“If a cat falls from some height, it can twist itself and land on its feet. It’s the same way for snowboard jumpers—but it’s like falling down from a 16-story building,” says Maruša Brada, an astrophysicist at the University of California, Davis, who teaches a course on the physics of “California sports,” which also include skiing and surfing. A falling cat will tuck in its forelegs to one side and stretch its rear legs out in the opposite direction, changing its moment of inertia so the front part of its body briefly rotates faster, thus making it possible to twist without pushing off of anything. Unlike a cat, however, the rider’s feet are strapped to a board.

Furthermore, the precise shape of the jump affects an athlete’s momentum; for example, a jump that curves sharply upward would induce backward rotation. A snowboarder could also get an extra unexpected angle at takeoff from changeable features in the snow, such as an icy groove worn by previous riders. This could directly affect tricks and landings—the point at which most injuries occur. “I believe you could design a jump that had safety built into it with regard to the impact,” says James McNeil, a physicist at the Colorado School of Mines who has modeled winter terrain park jumps. “It doesn’t mean you won’t get hurt, but the likelihood of injury is reduced and the severity of it, should you be injured, is reduced.”

“These [snowboarders] know what they’re doing; they’re able to control their bodies in flight. For them the issue is how hard they come down,” says Mont Hubbard, McNeil’s colleague and a mechanical and aeronautical engineer at U.C. Davis.

Most snowboard jumps have a takeoff point followed by a flat area over which the riders perform tricks, and then a landing area that slopes downward at a maximum of 40 degrees. Many snowboarding injuries occur when riders fall onto the flat area; but PyeongChang’s jump does away with it, and has only the downward slope for them to land. Physicists quantify potential impact in such situations using the concept of “equivalent fall height.” A person falling straight down from 49 meters would certainly be injured. But when a snowboarder lands at an angle and keeps moving down a slope, the impact is equivalent to falling from a much lower height; some of the boarder’s gravitational energy gets translated into forward-moving energy. Therefore, landing on a steeper downward angle is safer. For one thing, the knees have far less energy to absorb.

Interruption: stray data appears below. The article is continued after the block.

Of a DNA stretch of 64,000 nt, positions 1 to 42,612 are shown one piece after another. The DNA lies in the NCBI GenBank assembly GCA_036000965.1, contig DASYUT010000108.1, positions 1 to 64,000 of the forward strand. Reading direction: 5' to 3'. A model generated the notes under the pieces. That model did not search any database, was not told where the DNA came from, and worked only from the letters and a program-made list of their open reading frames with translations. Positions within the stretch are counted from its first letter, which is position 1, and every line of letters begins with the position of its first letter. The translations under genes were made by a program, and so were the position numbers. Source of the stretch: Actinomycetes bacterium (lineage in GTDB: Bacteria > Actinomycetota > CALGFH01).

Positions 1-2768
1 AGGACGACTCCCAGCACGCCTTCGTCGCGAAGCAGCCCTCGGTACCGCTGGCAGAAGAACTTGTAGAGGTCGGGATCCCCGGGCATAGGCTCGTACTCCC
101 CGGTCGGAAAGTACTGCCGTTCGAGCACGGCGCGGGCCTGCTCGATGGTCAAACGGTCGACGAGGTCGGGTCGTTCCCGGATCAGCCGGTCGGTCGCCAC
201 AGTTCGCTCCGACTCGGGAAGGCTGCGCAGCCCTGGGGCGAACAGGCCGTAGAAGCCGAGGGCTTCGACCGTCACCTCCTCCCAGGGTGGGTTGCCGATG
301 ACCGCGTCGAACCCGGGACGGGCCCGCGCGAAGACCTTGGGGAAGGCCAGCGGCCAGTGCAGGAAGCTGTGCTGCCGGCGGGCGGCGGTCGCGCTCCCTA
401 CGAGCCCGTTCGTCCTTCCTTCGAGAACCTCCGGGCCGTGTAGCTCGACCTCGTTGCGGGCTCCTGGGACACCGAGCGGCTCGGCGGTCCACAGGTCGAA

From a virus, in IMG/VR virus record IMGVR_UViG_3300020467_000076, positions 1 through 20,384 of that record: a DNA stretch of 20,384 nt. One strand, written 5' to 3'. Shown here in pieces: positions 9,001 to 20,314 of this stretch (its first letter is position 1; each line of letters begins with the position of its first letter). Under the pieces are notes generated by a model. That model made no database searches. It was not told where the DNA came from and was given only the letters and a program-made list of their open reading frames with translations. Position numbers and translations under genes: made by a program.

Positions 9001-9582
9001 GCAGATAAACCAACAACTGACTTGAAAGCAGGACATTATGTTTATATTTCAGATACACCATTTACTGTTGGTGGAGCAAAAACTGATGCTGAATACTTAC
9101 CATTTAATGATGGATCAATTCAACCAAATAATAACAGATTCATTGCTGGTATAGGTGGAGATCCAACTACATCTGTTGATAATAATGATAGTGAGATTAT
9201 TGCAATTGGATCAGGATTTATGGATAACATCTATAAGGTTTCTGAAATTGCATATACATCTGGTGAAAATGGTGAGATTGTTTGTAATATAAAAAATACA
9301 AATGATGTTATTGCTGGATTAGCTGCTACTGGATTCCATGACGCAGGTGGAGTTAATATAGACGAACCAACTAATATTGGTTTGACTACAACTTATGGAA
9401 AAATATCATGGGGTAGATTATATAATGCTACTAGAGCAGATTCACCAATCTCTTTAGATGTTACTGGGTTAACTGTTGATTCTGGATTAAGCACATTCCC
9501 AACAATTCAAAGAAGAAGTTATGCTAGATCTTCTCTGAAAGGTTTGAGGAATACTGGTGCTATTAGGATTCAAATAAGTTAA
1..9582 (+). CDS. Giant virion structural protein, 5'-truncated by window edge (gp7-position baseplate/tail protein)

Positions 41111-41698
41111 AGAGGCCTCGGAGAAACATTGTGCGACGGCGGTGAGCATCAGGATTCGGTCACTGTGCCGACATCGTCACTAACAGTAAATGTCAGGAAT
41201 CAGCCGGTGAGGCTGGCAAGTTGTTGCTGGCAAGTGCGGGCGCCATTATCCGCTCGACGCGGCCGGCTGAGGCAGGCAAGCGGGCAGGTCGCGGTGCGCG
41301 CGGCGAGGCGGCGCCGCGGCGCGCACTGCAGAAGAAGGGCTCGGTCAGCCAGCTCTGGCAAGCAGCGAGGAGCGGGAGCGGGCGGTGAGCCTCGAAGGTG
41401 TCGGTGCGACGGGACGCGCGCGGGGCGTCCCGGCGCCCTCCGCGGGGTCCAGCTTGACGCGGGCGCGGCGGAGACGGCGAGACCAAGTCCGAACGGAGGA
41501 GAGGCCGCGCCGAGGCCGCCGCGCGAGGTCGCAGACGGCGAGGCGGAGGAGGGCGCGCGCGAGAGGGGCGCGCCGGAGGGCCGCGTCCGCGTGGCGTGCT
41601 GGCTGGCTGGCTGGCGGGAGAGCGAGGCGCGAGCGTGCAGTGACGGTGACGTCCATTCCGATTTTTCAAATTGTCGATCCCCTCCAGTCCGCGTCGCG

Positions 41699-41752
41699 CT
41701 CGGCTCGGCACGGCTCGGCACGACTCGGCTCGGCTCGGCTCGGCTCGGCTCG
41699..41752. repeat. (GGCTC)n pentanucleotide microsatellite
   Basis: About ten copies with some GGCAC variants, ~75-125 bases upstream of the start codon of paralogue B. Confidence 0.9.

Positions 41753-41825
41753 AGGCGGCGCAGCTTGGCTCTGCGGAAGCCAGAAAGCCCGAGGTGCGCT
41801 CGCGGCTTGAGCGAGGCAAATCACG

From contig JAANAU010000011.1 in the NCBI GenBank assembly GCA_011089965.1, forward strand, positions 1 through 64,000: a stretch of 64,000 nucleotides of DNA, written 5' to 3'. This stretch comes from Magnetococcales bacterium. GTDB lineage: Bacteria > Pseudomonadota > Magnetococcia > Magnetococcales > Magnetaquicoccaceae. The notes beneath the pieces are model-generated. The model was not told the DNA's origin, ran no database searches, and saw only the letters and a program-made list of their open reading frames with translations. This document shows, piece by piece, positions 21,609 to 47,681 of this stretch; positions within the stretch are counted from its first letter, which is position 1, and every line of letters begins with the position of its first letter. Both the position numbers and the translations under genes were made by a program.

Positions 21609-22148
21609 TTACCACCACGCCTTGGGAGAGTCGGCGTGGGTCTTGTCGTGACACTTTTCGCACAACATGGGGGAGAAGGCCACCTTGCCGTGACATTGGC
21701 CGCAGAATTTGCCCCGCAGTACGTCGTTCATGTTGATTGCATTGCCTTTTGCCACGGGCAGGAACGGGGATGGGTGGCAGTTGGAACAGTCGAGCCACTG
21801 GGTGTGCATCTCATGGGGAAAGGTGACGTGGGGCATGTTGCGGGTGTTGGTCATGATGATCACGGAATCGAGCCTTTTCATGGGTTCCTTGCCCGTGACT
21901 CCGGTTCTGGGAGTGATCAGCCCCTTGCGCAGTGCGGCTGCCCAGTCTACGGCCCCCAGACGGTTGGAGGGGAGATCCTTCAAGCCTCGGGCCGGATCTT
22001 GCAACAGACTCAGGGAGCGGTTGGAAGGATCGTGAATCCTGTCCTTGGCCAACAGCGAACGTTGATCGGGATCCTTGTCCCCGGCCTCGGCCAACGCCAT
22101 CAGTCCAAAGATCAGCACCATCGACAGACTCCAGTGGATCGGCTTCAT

“During the [jump] design phase we look carefully at all measurements and flight curves while considering takeoff angles and landing angles,” Roberto Moresi, contest director for park and pipe of the International Ski Federation (FIS), wrote in an e-mail response. “A good jump is when landing, they barely feel the impact, and that is our goal.” The International Olympic Committee recognizes the FIS as administering skiing and snowboarding competitions at the world level. To design and maintain the jump, the PyeongChang Organizing Committee for the Olympics and the Korea Ski Association contracted Schneestern, a sports infrastructure company based in Germany.

Despite all the physics precautions, Moresi expressed some concern about the weather—a variable the organizers cannot control. The athletes will have a tough time if the event is beset with heavy snow, strong winds or thick fog, or if ice and ruts build up along the track. But if weather conditions cooperate, nothing will be more important than what a rider does in those thrilling few seconds between launch and landing.